Appellant’s Real Estate Project was a CIS without Specific Unit Number Commitments to Investors

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  • Last Updated on 1 June, 2023

Unregistered Collective Investment Scheme

Case Details: MVL Ltd. v. Securities & Exchange Board India - [2023] 150 285 (SAT-Mumbai)

Judiciary and Counsel Details

    • Justice Tarun Agarwala, Presiding Officer, M.T. Joshi, Judicial Member
      & Ms Meera Swarup, Technical Member
    • Amish TandonAshwin AnkhadNaresh RatnaniShantanu MitraAkash MenonMs Sukanya Banerjee, Advs. for the Appellant.
    • Kevie Setalvad, Sr. Adv., Mihir ModyArnav Misra, & Mayur Jaisingh, Advs. for the Respondent.

Facts of the Case

In the instant case, the appellant, a real estate developer had sold IT/cyberspaces in its real estate project to 232 buyers under the assured return plan and to about 17 buyers under the construction link instalment plan. Consequently, an application for provisional registration was required.

Later, the SEBI took into consideration the contents of an application for provisional registration and concluded that the project was nothing but a Collective Investment Scheme (CIS) without registration of the same.

Thus, by the impugned order, the SEBI directed the appellant to wind up the existing CIS, to refund monies collected under the scheme and also restrained the appellant from accessing the securities market till the said CIS was wound up.

It was noted that, unlike the real estate transaction, in the instant case, there was no clearly demarcated area. Upon perusal of the floor plan, it was observed that the area allotted to each buyer did not match the floor plan. Also, layout plans/floor plans were not forming part of buyer agreements with buyers.

Further, it was noted that the application form for provisional registration also recited that the developer would not be bound to give any specific unit number of space to be allotted to buyers. Even the application made it clear that investors were making an application with the knowledge that they were not obtaining any specific unit of space. In the assured return agreement, provisions of buy-back were given.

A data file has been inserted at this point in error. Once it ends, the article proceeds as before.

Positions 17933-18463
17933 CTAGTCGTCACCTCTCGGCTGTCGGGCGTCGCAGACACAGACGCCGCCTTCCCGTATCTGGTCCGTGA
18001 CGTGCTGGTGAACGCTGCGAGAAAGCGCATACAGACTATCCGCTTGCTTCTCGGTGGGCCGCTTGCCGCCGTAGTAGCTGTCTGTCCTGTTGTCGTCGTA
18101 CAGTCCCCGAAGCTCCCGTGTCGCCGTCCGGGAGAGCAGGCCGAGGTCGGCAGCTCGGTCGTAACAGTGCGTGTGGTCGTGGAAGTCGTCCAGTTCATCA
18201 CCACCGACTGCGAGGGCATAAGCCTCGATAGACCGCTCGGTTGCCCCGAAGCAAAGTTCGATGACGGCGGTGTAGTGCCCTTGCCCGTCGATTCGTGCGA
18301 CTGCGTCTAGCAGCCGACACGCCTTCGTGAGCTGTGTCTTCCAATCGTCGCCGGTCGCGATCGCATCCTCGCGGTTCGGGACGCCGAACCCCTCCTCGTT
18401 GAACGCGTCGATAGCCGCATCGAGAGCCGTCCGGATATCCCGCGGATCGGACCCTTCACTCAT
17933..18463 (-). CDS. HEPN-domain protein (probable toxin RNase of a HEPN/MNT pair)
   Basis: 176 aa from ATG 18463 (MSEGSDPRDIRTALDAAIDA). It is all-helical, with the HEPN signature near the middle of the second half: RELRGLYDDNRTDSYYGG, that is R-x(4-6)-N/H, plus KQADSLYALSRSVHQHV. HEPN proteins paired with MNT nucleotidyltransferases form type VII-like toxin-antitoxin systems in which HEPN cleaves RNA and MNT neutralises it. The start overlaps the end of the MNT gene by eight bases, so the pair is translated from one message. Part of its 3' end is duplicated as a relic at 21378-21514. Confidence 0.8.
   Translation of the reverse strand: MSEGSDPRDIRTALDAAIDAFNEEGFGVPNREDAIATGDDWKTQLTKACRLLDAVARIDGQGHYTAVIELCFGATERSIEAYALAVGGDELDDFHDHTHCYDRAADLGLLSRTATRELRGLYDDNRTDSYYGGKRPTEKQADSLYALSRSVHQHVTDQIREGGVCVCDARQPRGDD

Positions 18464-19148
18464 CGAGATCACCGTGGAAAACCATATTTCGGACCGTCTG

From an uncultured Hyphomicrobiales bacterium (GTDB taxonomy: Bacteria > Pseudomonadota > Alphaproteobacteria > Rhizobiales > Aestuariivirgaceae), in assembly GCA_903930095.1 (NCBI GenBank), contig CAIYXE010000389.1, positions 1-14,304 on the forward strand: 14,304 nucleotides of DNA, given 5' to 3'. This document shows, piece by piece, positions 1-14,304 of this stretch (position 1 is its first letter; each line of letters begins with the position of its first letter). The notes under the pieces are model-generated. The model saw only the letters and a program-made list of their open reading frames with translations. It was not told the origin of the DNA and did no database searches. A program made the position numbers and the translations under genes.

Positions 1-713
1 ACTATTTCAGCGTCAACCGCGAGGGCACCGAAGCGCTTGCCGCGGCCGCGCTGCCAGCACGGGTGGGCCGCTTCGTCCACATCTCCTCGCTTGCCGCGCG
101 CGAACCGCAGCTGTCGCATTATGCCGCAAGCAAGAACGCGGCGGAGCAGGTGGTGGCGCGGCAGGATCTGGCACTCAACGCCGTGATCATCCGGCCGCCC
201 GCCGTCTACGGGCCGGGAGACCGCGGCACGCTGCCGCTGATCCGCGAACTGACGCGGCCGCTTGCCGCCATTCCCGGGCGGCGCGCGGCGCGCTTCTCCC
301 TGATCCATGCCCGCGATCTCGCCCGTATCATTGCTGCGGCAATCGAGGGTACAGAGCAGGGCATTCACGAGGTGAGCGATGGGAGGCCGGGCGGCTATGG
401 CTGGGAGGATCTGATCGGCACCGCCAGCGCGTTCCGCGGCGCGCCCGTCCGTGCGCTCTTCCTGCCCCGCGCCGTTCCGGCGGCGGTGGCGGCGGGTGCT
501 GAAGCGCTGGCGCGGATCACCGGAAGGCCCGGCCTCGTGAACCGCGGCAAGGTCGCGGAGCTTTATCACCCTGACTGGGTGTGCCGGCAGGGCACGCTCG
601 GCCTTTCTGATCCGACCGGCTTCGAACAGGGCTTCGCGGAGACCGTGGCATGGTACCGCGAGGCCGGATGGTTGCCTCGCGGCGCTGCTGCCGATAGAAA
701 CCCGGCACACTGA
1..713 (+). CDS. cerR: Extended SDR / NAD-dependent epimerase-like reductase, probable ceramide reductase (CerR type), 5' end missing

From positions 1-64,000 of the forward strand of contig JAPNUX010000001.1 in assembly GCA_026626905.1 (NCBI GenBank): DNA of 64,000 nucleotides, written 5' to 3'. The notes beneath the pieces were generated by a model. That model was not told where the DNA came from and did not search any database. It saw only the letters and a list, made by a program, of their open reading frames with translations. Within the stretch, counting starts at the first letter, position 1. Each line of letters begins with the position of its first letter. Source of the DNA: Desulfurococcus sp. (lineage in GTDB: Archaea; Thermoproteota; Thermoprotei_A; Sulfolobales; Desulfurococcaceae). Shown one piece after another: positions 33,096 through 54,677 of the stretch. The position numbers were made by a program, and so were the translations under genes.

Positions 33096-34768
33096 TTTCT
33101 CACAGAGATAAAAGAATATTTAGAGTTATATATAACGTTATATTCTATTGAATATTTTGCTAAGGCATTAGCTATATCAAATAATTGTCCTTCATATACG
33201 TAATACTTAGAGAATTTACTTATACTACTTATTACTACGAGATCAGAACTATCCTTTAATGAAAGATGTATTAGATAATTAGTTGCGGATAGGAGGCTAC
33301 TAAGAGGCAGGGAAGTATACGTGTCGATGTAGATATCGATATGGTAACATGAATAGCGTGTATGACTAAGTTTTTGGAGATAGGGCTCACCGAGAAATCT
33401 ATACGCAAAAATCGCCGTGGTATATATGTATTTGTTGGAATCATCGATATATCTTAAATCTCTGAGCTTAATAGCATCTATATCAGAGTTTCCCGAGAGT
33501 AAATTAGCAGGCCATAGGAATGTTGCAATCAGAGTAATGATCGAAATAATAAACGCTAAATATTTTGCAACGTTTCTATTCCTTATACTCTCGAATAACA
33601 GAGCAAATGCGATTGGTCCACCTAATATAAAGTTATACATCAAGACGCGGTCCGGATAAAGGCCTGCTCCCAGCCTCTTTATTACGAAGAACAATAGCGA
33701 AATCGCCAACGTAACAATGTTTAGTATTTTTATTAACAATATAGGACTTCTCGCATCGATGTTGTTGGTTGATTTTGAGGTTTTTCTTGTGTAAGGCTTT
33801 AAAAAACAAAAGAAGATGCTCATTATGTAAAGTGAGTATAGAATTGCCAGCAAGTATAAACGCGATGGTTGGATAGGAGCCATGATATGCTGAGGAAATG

It was also found that in some cases, clients were given a buy-back option wherein, investors would get 96% return while in some cases, the client was to get only 15.5% of the total investment.

This was contrary to the arguments of the appellant that it had prescribed a 5% simple interest on the total investment made by investors under the scheme. Consequently, against the direction of the SEBI, an appeal was preferred with the Securities Appellate Tribunal (SAT).

SAT Held

The SAT held that the scheme/project undertaken by the appellant was clearly a CIS. Further, the SAT held that the payment made by investors was pooled and utilized for the purpose of the said project and the contribution was with a view to making or receiving profit or income on property from such a scheme.

Therefore, the appeal against the order passed by the SEBI was to be set aside.

List of Cases Referred to

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